I requested the two-bed room and booked both beds so my friends and I could have the room to ourselves. While hostels are a good place to meet people it’s also a lousy place to stash your gear while you go out on the streets looking for adventure. Renting both beds in the room let us leave our stuff safely locked up all for much less that the price of any hotel room you could find. We stopped at several cafés for pastries and coffee during our walk. As you can imagine, it’s very cold in winter so stopping in for coffee offered us a nice break from the freezing cold. We stopped at a few antique shops, visited a sci-fi book store, wandered by the Royal Palace for an official visit to the monarchy and then we turned in for the night.

The next day we checked out of the hostel and headed straight for the Vasa Museum. The Vasa Museum is home to the largest Viking war ship ever made called the Vasa. The museum is filled mostly with relics from the war ship giving free with guided tours every few hours in both Swedish and English.

A scale model of the Vasa

A scale model of the Vasa

Once we had our fill of the past we hopped a bus to my friend’s home where we sat and visited with her family for a bit. With generous hospitality they laid out a feast of Swedish food in from of me that included traditional Swedish meatballs, many different varieties of bread, followed up with a healthy helping of pickled herring. I was surprised to learn that there were many different ways to make pickled herring and that, in small portions, it wasn’t that bad. I also had something that resembled breakfast potatoes mixed with sardines. The different breads resembled pita bread or crackers. While sampling I took some jelly and spread a good portion of it on a cracker. I guess  that’s not something the locals do because everyone started to laugh loudly. It took some convincing but I managed to get them to try it. When the initial shock wore off they nodded their head in approval of my strange American custom.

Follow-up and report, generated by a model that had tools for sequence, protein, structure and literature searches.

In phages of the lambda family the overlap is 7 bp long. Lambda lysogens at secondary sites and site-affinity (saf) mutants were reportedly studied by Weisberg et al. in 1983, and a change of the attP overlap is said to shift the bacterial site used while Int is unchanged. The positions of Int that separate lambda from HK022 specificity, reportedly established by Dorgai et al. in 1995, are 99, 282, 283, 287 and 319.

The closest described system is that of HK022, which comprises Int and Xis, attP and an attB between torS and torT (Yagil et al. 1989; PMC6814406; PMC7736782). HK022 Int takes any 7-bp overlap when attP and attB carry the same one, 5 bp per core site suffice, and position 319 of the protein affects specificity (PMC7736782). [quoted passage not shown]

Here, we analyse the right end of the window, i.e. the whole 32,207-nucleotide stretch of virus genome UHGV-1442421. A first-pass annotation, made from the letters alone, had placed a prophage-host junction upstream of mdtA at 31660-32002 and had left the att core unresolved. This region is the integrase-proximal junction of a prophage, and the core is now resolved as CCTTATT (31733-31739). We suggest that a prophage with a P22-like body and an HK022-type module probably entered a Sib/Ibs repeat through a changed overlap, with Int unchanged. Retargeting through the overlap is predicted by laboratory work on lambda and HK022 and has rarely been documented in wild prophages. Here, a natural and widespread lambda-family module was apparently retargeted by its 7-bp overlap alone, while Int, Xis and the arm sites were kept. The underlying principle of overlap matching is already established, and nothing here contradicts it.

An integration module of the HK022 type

Cafeteria in the Jumbo Hostel

Cafeteria in the Jumbo Hostel

After spending several days with old friends and making new ones I got a buss back to Arlanda where I would spend my last night in Sweden. My flight out was at 7am so I needed to find a place near the airport that I could get to very easily, very early in the morning. Once again I visited my favorite site and booked a 2 bed room at the “Jumbo Hostel”. It’s actually a jumbo jet converted into a hostel. It was an amazing site to see. The staff was very friendly, the food was great, the cafeteria was fully stocked with treats and the rooms were immaculate. You could not ask for more. The next morning was full of sad goodbyes.  After taking a connecting flight through Vienna I was back in the states in less than 15 hours.

Overall I would say that my trip to Sweden was excellent. The only thing I will do differently next time would be to go during the summer. Being a Florida resident I don’t hold up very well in the cold. Also it would have been nice to know a bit more Swedish than I did. However, if you don’t know much of the Swedish language don’t let it stop you from going!Almost everyone there knows English and all the importing signs you will need to navigate around the city will be printed in English as well. Remember, politeness while traveling will get you a long way. Now to plan my next adventure.

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Muskegon Farmer’s Market, Summer 2009… Beautiful produce, friendly people.

Natalie and I had the fortune to visit Michigan this summer and run around all over Muskegon.  Summer flowers were blooming everywhere.  Beautiful buds sprang forth on every hillside, driveway, and even on the side of the road.  Large, abundant flowers, heavily laden stalks of corn, and produce of all types were visible in fields simply by driving down a country road on the way to the next town or a trip down to the cool shores of Lake Michigan.  This time of year, Michigan was alive and thriving with vegetation of all sorts.